Although it begins with the suggestion of nuclear holocaust in one world and a violent, political coup in another, Ni no Kuni II: Revenant Kingdom by Level-5 is not the dark and dismal fairy tale its opening minutes might suggest. Instead it's the generally up-beat story of a young king's rise to power and building a colorful kingdom of good will. Although its characters don't develop much complexity or nuance, Ni no Kuni II provides dozens of hours of action-RPG gameplay, some enjoyable city-building mechanics and the experience that remains entertaining throughout.
Serving both as a story prologue and extended gameplay tutorial, the first few hours of Ni no Kuni II introduce us to Evan, a young boy from the Cat tribe who's forced into exile as his kingdom is snatched away in a surprise coup by the Mice. As Evan escapes, he encounters Roland, the President of a country much like modern-day America, who finds himself somehow transported to another reality. As Evan and Roland make their way into the semi-open world, they gather a small band of allies and eventually set off in search of suitable site on which to found Evermore, Evan's new Kingdom of peace and love. Although it contains the usual amount of Japanese fantasy-RPG weirdness, Ni no Kuni II is a very family-friendly game. It distinguishes itself through its fast paced, real-time combat and a city-building component that is integral rather than cosmetic.
Whether the product of random encounters in the world or on the way to completing missions, real-time, party-based combat plays a huge role in Ni no Kuni II. The good news is that it's almost always a lot of fun, though generally on the easy side. Switching between different party members and their weapons and spells during the heat of combat is pretty painless and snappy. Evan and his fellow fighters can call on little magical creatures called Higgledies to assist in battle. Higgledies - not unlike the familiars from the first Ni no Kuni - come in many flavors and can heal, buff and add things, like magical weapons to the fights. In general, the Higgledies and party members that are controlled by AI are more than capable fighting well when not under player control.
For the first few hours, Evan and his party rely on loot found and dropped in battles for equipment upgrades and better weapons. Once Evan's new kingdom Evermore is founded, growing the city itself - and its specialized craftsman population - is the primary way to improve weapons, armor, spells and skills. The city-building mechanic means recruiting new citizens and that means more combat, more quests and more action. The story/building/fighting loop is addictive and well-tuned. Everything is explained relatively well and new mechanics are dribbled out over several hours of play. There are also some simple puzzles to solve and while there are many systems working together, the game seems aimed at younger players. Still, there are enough layers of complexity and mechanics to be tweaked that more mature players will be happily occupied.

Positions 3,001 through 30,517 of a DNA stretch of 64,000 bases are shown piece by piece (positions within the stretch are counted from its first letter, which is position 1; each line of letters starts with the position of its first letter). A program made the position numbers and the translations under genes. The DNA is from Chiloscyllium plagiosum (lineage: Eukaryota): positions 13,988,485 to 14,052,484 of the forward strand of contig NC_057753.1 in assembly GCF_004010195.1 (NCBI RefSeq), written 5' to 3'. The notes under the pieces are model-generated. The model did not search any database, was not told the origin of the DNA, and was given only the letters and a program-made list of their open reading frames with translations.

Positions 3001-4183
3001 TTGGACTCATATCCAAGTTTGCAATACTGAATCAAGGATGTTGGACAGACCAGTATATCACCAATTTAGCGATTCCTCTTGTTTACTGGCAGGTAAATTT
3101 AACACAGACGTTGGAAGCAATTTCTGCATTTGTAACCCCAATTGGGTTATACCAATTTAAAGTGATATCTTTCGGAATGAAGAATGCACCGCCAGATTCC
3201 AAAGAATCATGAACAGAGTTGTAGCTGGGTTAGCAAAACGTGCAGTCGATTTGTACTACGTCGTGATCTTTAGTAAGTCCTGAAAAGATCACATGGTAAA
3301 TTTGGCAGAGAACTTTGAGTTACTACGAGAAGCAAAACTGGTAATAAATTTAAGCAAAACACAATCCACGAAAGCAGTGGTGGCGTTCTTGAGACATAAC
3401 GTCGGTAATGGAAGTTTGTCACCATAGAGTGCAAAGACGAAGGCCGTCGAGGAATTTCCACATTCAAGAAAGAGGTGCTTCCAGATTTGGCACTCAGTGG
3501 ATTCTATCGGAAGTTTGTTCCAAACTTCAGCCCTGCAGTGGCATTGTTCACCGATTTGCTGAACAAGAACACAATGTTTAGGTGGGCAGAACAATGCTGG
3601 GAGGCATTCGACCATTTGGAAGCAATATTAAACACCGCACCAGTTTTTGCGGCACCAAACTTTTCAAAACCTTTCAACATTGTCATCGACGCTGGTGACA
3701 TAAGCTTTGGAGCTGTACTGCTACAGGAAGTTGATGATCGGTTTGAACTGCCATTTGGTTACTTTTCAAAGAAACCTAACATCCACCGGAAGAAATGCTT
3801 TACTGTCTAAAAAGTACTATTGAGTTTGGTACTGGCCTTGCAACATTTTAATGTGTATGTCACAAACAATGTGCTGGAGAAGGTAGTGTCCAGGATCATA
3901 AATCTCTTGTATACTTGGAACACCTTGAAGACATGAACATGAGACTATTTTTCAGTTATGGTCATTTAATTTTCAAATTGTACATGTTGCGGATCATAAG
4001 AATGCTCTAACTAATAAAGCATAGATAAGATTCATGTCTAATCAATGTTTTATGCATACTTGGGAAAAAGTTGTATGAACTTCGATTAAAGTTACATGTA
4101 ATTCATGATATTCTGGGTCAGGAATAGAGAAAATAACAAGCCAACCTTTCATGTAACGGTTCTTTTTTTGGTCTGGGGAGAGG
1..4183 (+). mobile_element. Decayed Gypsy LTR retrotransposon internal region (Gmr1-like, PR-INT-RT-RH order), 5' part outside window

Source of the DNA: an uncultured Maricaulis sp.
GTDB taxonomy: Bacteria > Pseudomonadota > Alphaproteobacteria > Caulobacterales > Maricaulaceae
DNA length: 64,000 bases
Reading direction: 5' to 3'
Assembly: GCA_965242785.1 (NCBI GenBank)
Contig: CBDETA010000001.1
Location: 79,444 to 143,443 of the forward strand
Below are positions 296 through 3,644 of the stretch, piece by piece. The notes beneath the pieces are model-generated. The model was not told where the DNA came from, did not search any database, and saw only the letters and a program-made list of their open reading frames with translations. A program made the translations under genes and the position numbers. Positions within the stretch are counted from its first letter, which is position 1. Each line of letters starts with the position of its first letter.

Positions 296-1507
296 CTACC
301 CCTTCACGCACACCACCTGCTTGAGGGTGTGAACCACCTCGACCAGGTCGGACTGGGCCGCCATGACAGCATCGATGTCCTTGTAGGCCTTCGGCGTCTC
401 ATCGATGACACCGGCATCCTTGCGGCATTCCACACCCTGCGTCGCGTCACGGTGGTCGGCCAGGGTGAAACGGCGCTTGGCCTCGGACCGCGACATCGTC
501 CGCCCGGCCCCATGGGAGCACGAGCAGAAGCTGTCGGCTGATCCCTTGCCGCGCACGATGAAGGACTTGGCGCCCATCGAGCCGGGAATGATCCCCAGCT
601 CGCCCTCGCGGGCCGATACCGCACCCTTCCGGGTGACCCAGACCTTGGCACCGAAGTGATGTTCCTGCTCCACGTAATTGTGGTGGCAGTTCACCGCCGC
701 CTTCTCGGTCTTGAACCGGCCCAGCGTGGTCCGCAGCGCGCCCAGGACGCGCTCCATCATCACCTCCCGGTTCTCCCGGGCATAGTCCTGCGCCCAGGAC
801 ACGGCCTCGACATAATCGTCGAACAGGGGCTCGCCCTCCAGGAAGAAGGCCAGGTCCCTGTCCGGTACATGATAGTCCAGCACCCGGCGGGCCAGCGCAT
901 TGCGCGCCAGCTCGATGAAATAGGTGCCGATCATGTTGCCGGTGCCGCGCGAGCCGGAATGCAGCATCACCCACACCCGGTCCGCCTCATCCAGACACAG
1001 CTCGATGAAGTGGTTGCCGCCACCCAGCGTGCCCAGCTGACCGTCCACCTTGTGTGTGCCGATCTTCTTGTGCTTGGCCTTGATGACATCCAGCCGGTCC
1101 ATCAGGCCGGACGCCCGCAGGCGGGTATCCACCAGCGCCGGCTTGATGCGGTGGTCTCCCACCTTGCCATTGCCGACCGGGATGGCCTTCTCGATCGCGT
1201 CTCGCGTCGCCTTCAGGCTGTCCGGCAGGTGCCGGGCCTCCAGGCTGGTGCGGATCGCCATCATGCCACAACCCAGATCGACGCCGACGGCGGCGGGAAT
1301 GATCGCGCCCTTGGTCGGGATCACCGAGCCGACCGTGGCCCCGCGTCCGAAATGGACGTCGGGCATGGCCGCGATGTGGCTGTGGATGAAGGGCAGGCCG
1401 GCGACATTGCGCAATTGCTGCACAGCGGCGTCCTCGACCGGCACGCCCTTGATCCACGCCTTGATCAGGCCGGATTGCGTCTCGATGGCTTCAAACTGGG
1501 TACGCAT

Ni no Kuni II looks fantastic, whether in the cel-shaded anime mode for the cutscenes and battles, or the map mode on which Evan and company are rendered as little 3D chibi. The world is colorful and imaginative and filled with screenshot-worthy moments. There are an impressively large range of human, animal and magical creatures to encounter and the battles are a swirl of effect and light. Although the battle music can become a little repetitive, the score by Joe Hisaishi is delightful, with a surprising range of styles and instrumentation. The voice acting is well done, but there simply isn't enough of it and some potentially resonant and important scenes are presented only through text. It's disappointing for a narrative-heavy game.
Open world action games always struggle with trying to balance grinding and coherent story progression. Despite gating some of the game behind puzzles or some obligatory small-scale skirmishes, Ni no Kuni II is able to keep its story at front, while still giving the player lots of options, rewarding side quests, and other fun things to do. Ni no Kuni II's story does a good job of driving the action forward but its main cast lacks depth and dramatic weight, instead serving archetypal roles that don't much evolve. On the whole, Ni no Kuni II is a beautiful and well-made game that manages to make its combination of action-RPG and city-building seem natural. Despite some initial intimations of darkness, its tone is light-hearted and upbeat and its core combat is very satisfying throughout.